Marlin’s Dreaming
Quotidian
Independent

Marlin’s Dreaming hail from Dunedin, New Zealand, literally a world away from where I sit in the Pioneer Valley of Massachusetts.  And yet, the very first lyric of their new album, Quotidian, sees frontman Semisi Maiai sing ‘I’ve been stuck inside for awhile now.’  And right there, we have the anthem for Covid-19.  I’ve been into them for a few years now, ever since their first long-player, Lizard Tears came out in 2017.  They met at a surf shop in Dunedin, where Maiai worked back in 2017, when he was all of 17, and almost immediately, they got to work on Lizard Tears, which came out that October.  Aside from Maiai on vocals and guitar, Oscar Johns plays bass, Hamish Merchant plays the drums, and Leith Towers plays lead guitar.  That first album was helped out by a few heavyweights of the Kiwi music scene, as Justyn Pilbrow of The Neighbourhood produced, and Jeff Ellis of SWMRS mixed.

Armed with this kind of backing, Marlin’s Dreaming was always going to be successful in New Zealand, but, of course, they branched out, and have a global following now.  Quotidian is their second long-player, coming on the heels of 2018’s ep Talk On/Commic.  It’s a bit grittier than their earlier music, which to me always took the best of MGMT and ran with it to create memorable, beautiful laid back music.

‘Cabbage Tree,’ that opening track begins with a gentle beat from Merchant, and shimmier guitars over an insistent bass as Maiai’s laidback vocals float over the track before the track opens up, the drums pick up and the guitars of Maiai and Towers glide effortlessly over the track.

Throughout the album, Maiai’s lyrics trip the careful balance between a gritty optimism and a bored, groaning apathy about the world around us.  Marlin’s Dreaming want a different world, and, really, who could question that?  They don’t get caught in any single sound, though their music is all of a piece.

‘Outwards Crying,’ the second single, sees Maiai tell us ‘I’m leaving this town for a second/Or even just a day’ as the drums provide a louder backbeat and Maiai and Towers’ guitars vie with each other, gliding, shining over Johns’ insistent and warm basslines.

‘Sink or Swim’ is the first single, which sees a straight ahead beat power towering, shimmy guitars, which then give way to a chugging bass and Maiai’s vocals before the loud/quiet formula (which, for the record, I have no problem with) slowly builds up to the chorus.  This is catchy music.

 

I’m a big fan of ‘Lick the Brains,’ which begins with an almost lounge-ish soft guitar riff before the song settles into a gentle grove over a chugging rhythm section as Maiai sings.  Towers’ lead, which appears on the scene around a minute in is this wicked, subversive little riff.  And then the song bursts into a loud/quiet mode around 1.30, as the lads step on their distortion pedals.  Taken altogether, this is a beautiful track.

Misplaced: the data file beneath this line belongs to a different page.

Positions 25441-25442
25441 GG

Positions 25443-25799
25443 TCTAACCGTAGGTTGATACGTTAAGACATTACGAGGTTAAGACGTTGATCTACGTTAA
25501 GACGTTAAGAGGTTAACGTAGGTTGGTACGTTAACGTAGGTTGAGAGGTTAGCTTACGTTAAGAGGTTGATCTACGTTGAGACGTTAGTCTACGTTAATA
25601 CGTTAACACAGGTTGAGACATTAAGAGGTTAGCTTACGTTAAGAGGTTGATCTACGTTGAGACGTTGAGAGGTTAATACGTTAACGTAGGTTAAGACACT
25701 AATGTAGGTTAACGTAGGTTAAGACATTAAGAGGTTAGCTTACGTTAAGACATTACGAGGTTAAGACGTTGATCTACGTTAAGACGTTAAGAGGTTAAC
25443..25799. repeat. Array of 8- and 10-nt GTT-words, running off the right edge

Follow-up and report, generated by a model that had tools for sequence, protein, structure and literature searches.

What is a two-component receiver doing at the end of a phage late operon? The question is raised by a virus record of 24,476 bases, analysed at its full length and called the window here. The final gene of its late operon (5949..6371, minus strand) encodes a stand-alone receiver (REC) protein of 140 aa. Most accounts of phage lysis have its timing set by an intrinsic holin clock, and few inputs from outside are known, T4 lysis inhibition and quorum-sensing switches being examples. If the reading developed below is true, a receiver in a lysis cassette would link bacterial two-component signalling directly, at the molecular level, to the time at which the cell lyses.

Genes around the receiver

Drummers don’t usually get their due, unless they’re John Bonham or Ringo Starr or Keith Moon.  But Merchant deserves a lot of credit for Marlin’s Dreaming’s sound, as his drums are both insistent and powerful.  He drives the beat without overtaking it (like a Bonham or a Moon), and he leaves this space for the rest of the lads to build a song.  Sometimes the drummer makes the band.  I always think of what happened to the Dead Kennedys when D.H. Peligro took over the drum stool from their original drummer, Ted.  All of the sudden, the DKs could do so much more, construct more elaborate tracks, all because they had one of the most powerful and original drummers in hardcore.  The same happened with The Cure when, finally, Robert Smith could take no more of Lol Tolhurst’s limited abilities and brought in Boris Anderson for The Head on the Door, and all of the sudden The Cure’s sound exploded out of the gates, the songs became more elaborate, the chord progressions were more complex.  Due thanks to Hamish Merchant, Marlin’s Dreaming will never have that problem.

‘Outristic’ is actually two songs, Parts 1 and 2.  Part 1 starts off in the quiet mode, as Maiai’s guitar provides a riff over which Towers skitters.  This is one of the mellowest, prettiest tracks on the album, and it’s easy to imagine lying under the warm New Zealand sun, watching the surfers on the beach, with a nice, cold one in hand.  And then, at the end of Part 1, the song dissolves into feedback and a sampled voice that sounds somewhat like John Lydon, and then Part 2 starts with an insistent, slow-burn of a guitar riff as Merchant’s drums slowly explode onto the scene and the guitars begin to duel over and insistent bass.  And then Towers’ lead begins to soar over the track.  Maiai’s vocals are always laid back, always chill, and it is right here, in this song, that the promise of Marlin’s Dreaming is fulfilled in the towering guitars, creating this shoegazer wall of sound and his buried vocals.

Altogether, with Quotidian, Marlin’s Dreaming has delivered a towering sophomore album.